Opening the series at the Museum on November 9 is Martin McDonagh’s Three Billboards Outside Ebbing, Missouri, featuring a post-screening tribute to actor Sam Rockwell, followed by a post-screening conversation with McDonagh and actor Sam Rockwell. This darkly comic drama also stars Oscar-winner Frances McDormand as Mildred Hayes, who commissions three controversial billboards aimed at local law enforcement (Rockwell and Woody Harrelson) after her daughter’s murder case remains unsolved for months.

Organized by the Department of Film.

The presentation is supported by the Annual Film Fund.

Media sponsorship is provided by Variety.

Share

The Long Run

November 11, 2017–November 04, 2018

Floor Four, The David Geffen Galleries

Innovation in art is often characterized as a singular event—a bolt of lightning that strikes once and forever changes what follows.  “The Long Run” provides an alternate view: by chronicling the continued experimentation of artists long after their breakthrough moments, it suggests that invention results from sustained critical thinking, persistent observation, and countless hours in the studio.  Each work in this presentation exemplifies an artist’s distinct evolution.  For some, this results from continually testing the boundaries of a given medium, for others it reflects the pressures of social, economic, and political circumstances.  Often, it is a combination of both.  “The Long Run” includes monographic galleries and rooms that bring together artists broad ranging in background and approach, drawn from MoMA’s collection.  All the artists in this presentation are united by a ceaseless desire to make meaningful work, year after year, across decades.   They include Lee Bontecou, Louise Bourgeois, Melvin Edwards, Gego, Philip Guston, David Hammons, Jasper Johns, Joan Jonas, Helen Levitt, Elizabeth Murray, Georgia O’Keeffe, Gerhard Richter, Frank Stella, and many others.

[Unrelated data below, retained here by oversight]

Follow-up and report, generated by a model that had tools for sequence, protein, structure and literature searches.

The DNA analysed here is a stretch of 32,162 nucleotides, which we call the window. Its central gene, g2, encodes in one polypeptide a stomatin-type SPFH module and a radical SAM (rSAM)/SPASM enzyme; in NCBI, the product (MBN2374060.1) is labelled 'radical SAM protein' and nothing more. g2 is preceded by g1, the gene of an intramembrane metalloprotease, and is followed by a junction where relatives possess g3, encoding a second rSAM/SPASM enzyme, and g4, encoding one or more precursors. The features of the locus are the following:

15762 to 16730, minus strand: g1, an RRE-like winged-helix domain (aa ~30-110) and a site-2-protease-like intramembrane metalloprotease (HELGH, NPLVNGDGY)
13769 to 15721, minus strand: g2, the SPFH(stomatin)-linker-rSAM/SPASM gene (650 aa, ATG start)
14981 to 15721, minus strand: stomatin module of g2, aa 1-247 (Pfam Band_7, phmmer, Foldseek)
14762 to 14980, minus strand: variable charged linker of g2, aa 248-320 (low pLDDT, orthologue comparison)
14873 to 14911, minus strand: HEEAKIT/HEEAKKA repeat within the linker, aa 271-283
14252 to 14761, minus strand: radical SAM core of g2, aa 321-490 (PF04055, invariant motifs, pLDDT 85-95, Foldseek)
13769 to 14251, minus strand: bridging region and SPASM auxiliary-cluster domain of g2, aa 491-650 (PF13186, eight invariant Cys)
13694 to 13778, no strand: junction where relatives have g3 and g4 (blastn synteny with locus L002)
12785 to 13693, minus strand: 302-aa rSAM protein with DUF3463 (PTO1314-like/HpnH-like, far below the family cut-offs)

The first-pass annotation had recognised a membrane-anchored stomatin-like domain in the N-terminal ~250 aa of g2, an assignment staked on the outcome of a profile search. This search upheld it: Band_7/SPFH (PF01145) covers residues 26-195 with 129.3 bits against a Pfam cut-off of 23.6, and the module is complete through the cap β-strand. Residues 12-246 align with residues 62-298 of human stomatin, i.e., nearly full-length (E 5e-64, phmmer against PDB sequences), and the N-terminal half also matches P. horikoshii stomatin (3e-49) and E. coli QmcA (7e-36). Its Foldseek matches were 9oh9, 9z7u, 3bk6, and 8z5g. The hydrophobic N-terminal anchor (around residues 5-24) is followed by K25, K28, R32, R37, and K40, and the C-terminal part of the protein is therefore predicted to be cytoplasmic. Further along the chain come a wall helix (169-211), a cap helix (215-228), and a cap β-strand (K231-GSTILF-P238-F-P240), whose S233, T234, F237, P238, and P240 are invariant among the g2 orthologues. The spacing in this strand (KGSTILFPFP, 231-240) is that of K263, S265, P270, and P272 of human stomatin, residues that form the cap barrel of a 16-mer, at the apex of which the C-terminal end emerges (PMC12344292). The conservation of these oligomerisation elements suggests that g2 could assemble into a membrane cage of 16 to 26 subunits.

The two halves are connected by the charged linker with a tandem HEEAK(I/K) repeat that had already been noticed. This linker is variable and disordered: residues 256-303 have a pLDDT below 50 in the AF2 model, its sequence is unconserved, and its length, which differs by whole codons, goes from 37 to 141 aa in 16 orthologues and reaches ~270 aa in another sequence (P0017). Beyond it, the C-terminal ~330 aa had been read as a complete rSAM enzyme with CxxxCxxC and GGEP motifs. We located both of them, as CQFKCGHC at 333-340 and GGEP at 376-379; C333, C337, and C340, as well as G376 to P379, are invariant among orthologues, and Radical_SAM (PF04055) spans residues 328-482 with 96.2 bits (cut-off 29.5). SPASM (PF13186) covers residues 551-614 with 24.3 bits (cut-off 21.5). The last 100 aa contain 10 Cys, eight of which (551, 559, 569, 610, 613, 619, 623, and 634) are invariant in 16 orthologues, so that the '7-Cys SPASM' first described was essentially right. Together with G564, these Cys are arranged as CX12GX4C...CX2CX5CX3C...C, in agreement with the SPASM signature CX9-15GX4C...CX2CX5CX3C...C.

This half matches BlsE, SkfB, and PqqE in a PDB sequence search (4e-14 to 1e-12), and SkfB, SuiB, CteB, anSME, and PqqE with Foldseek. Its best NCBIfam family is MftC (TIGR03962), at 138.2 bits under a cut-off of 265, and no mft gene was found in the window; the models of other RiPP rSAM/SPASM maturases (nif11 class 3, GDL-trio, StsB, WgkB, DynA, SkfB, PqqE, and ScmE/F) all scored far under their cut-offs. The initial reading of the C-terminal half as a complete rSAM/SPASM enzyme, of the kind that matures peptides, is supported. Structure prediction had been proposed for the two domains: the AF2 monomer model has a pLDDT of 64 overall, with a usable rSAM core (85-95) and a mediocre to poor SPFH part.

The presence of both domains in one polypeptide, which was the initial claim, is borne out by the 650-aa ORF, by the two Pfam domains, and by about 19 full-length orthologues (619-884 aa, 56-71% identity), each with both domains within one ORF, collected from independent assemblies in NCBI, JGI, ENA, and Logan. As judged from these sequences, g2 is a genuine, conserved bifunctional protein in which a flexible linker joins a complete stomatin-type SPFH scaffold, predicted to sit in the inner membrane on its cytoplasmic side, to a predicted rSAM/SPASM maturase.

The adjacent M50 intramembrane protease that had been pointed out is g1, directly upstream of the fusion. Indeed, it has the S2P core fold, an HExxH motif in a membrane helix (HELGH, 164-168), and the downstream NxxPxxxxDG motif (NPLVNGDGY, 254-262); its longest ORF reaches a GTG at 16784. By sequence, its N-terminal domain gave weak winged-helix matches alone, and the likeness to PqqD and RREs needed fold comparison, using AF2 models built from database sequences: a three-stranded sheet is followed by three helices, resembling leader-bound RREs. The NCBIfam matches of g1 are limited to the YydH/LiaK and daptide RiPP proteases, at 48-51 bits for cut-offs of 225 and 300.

Organized by Paulina Pobocha, Associate Curator, and Cara Manes, Assistant Curator, Department of Painting and Sculpture.

Leadership support for the exhibition is provided by the Kate W. Cassidy Foundation.

Major support is provided by Denise Littlefield Sobel.

Additional support is provided by the Annual Exhibition Fund.

MoMA Audio is supported by Bloomberg Philanthropies.

Share